Many challenges and discomforts women experience can be blamed on hormones, from the monthly menstrual cycles that can leave you feeling exhausted, achy, and irritable to the hot flashes and mood swings brought on by menopause.

Hormonal changes can present difficulties for all women, but for those with ADHD, it can be even more challenging.

Language matters

The terms “women/girls” and “men/boys” are used in this article to reflect the terms that have historically been used to identify a person\’s sex or gender. Your identity may not match how your body responds to this condition. Your doctor can help you understand how your circumstances will affect your diagnosis and treatment.

There is a neurological disorder called attention deficit hyperactivity disorder.

There are three different types of attention deficit disorder.

  • Predominantly inattentive: This type is characterized by difficulty with organization, paying attention, and staying on task.
  • Predominantly hyperactive-impulsive: This type is characterized by high levels of energy, fidgeting, and impulsivity.
  • Combined: This type is characterized by both inattentiveness and hyperactivity.

“Sex will be the main symptom, but it will vary depending on a person’s age, personality, and more.”

Boys who are diagnosed with ADHD are more likely to have the combined or hyperactive-impulsive subtype. So they tend to have more overt symptoms, such as hyperactivity, aggression, and impulsivity.

“It is often subtle for girls with attention deficit Hyperactivity Disorder. Girls show more symptoms of attention deficit disorder. Many girls go years without proper diagnosis or treatment. It may be easier to overlook a child who is daydreaming than a child who can’t sit still.”

Estrogen, the primary sex hormone in those assigned female at birth, is a key component in the reproductive system. But there’s also a link between estrogen and various cognitive functions. Specifically, estrogen can affect dopamine, serotonin, and norepinephrine. These neurotransmitters play a role in ADHD as they have a strong impact on memory, focus, and mood.

Of course, estrogen doesn’t cause or cure ADHD, but it can certainly have an impact on symptoms. Research from 2017 suggested attention and executive thinking skills can improve when estrogen levels are higher. On the other hand, ADHD symptoms can worsen when estrogen levels are lower.

Estradiol levels are constantly changing. Estradiol levels rise and fall monthly during the reproductive years. Women with attention deficit disorder can experience hormonal changes that can affect how symptoms are experienced.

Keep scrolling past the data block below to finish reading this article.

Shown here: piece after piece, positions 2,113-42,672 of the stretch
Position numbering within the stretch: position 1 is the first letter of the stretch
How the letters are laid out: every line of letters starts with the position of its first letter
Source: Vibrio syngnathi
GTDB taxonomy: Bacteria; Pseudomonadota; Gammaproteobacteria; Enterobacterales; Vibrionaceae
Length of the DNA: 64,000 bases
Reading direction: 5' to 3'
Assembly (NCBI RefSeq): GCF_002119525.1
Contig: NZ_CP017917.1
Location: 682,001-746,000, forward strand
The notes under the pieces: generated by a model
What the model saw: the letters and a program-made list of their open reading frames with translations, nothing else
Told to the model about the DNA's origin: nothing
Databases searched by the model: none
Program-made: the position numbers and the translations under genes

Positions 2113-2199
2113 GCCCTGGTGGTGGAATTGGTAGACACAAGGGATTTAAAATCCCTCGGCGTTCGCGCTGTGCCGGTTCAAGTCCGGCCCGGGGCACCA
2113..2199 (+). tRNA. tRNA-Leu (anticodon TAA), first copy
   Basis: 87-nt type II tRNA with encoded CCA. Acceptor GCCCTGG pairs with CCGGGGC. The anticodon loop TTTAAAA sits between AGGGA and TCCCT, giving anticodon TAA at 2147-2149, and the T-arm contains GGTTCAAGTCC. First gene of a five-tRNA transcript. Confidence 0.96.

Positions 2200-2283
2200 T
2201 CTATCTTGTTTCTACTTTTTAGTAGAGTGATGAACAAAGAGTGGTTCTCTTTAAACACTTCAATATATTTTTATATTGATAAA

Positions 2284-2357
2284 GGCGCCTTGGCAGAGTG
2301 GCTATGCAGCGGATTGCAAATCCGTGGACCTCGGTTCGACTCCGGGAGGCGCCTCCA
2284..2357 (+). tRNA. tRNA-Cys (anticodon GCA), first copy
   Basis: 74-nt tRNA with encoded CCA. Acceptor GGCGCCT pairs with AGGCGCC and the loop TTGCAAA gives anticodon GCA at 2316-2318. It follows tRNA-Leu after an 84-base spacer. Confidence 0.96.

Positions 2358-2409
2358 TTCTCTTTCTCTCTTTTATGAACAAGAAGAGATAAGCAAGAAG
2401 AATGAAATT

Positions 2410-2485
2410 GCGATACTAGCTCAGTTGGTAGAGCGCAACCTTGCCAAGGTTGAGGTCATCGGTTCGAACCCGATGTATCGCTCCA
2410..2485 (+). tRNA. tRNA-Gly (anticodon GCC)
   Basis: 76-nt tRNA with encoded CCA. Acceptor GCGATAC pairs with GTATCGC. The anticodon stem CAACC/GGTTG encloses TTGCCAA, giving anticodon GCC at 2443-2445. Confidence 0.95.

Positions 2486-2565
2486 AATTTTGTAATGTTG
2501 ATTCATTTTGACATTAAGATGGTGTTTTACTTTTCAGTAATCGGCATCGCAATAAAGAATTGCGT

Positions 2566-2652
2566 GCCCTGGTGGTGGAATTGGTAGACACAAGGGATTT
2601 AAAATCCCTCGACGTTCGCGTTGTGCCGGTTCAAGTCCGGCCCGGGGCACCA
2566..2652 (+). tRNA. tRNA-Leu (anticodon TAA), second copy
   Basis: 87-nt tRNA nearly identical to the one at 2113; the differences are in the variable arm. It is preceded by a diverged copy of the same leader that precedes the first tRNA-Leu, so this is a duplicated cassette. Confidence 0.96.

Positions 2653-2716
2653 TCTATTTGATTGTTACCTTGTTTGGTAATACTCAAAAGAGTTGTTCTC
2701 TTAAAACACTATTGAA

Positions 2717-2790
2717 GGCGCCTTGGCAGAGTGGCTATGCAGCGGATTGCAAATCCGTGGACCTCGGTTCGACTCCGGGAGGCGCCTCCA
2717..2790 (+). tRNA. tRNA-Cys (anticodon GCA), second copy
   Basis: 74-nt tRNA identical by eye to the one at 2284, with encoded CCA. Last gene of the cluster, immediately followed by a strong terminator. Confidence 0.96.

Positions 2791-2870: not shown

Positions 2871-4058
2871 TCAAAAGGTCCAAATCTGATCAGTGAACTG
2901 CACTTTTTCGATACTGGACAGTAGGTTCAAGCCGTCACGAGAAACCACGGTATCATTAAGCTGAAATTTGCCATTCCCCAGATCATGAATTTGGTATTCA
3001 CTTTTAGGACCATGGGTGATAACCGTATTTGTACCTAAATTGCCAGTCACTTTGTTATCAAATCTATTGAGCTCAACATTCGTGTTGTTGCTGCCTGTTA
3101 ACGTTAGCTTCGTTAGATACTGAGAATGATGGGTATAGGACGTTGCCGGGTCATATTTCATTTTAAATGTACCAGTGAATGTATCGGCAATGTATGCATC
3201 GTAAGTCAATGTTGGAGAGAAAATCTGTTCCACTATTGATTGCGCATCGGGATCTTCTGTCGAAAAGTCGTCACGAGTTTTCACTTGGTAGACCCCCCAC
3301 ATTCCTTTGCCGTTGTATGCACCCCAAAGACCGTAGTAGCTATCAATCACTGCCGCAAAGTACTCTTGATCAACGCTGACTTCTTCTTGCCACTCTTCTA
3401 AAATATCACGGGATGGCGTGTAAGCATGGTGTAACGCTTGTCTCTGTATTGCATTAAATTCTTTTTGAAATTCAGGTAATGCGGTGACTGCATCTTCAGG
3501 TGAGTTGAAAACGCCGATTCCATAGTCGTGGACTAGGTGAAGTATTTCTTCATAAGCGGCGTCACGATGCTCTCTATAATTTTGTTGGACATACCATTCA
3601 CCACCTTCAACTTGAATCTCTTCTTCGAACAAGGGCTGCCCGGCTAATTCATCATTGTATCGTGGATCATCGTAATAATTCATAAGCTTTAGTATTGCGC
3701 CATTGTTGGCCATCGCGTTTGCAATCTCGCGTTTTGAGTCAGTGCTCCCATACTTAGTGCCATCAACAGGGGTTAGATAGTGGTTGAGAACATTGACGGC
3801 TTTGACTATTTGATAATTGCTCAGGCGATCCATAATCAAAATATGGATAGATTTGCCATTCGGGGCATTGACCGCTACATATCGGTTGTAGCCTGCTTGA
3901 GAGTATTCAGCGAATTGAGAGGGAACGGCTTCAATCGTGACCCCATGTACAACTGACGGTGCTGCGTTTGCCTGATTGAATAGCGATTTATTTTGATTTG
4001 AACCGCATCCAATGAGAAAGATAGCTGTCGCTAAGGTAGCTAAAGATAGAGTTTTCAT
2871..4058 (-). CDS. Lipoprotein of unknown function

Puberty is a time of change and emotional upheaval as hormones take over.

puberty hits between the ages of 9 and 13 for girls, and it comes with physical and emotional changes. There is an increase in hormones.

It might be easy to assume that, with higher levels of estrogen, girls with ADHD would have an easier time during puberty. However, the opposite tends to be true. That’s because, while estrogen can improve ADHD symptoms, progesterone does not.

There is also the issue of medication. Stimulant medications can be less effective during puberty, so they are the most commonly used treatment for ADHD.

It is possible to keep a symptom diary and discuss changes with your doctor.

Women menstruate from puberty until perimenopause. Estradiol and progesterone levels change during the menstrual cycle. The fluctuations are not as dramatic as they are during puberty, but they still affect the symptoms of the disorder.

According to an article by Marcy Caldwell, a licensed clinical psychologist specializing in ADHD, women often experience more or worsening symptoms during the last 2 weeks of their cycle as progesterone levels rise.

And, as if that weren’t bad enough, it’s also been suggested that premenstrual syndrome (PMS) is more common in women with ADHD.

Just like with puberty and periods, pregnancy brings a substantial shift in hormone levels. For many women, Caldwell explains, ADHD symptoms get worse during the first trimester.

Increased progesterone could be the reason, but medication could also be involved. The first trimester can be a big adjustment for women who stop taking their medication during their pregnancies.

There’s limited research regarding medication use and ADHD during pregnancy. A small 2022 study found that, among those who discontinued, maintained, or adjusted their ADHD medication during pregnancy, there were no significant changes in symptoms.

There was a difference between those who discontinued medication and those who continued or adjusted their medication. There is more research that needs to be done.

Perimenopause is when women start to experience menstruation. Estradiol levels begin to decline and menstruation becomes more irregular during this time. This stage can last up to 10 years until the woman stops menstruation.

Along with hot flashes, menopause often brings memory fog and difficulty focusing. Unsurprisingly, this can be even more difficult for women with ADHD, who already face challenges in the area of focus and attention.

Women with attention deficit Hyperactivity Disorder can experience additional challenges. Understanding how hormonal changes can impact your symptoms can help you manage them over time.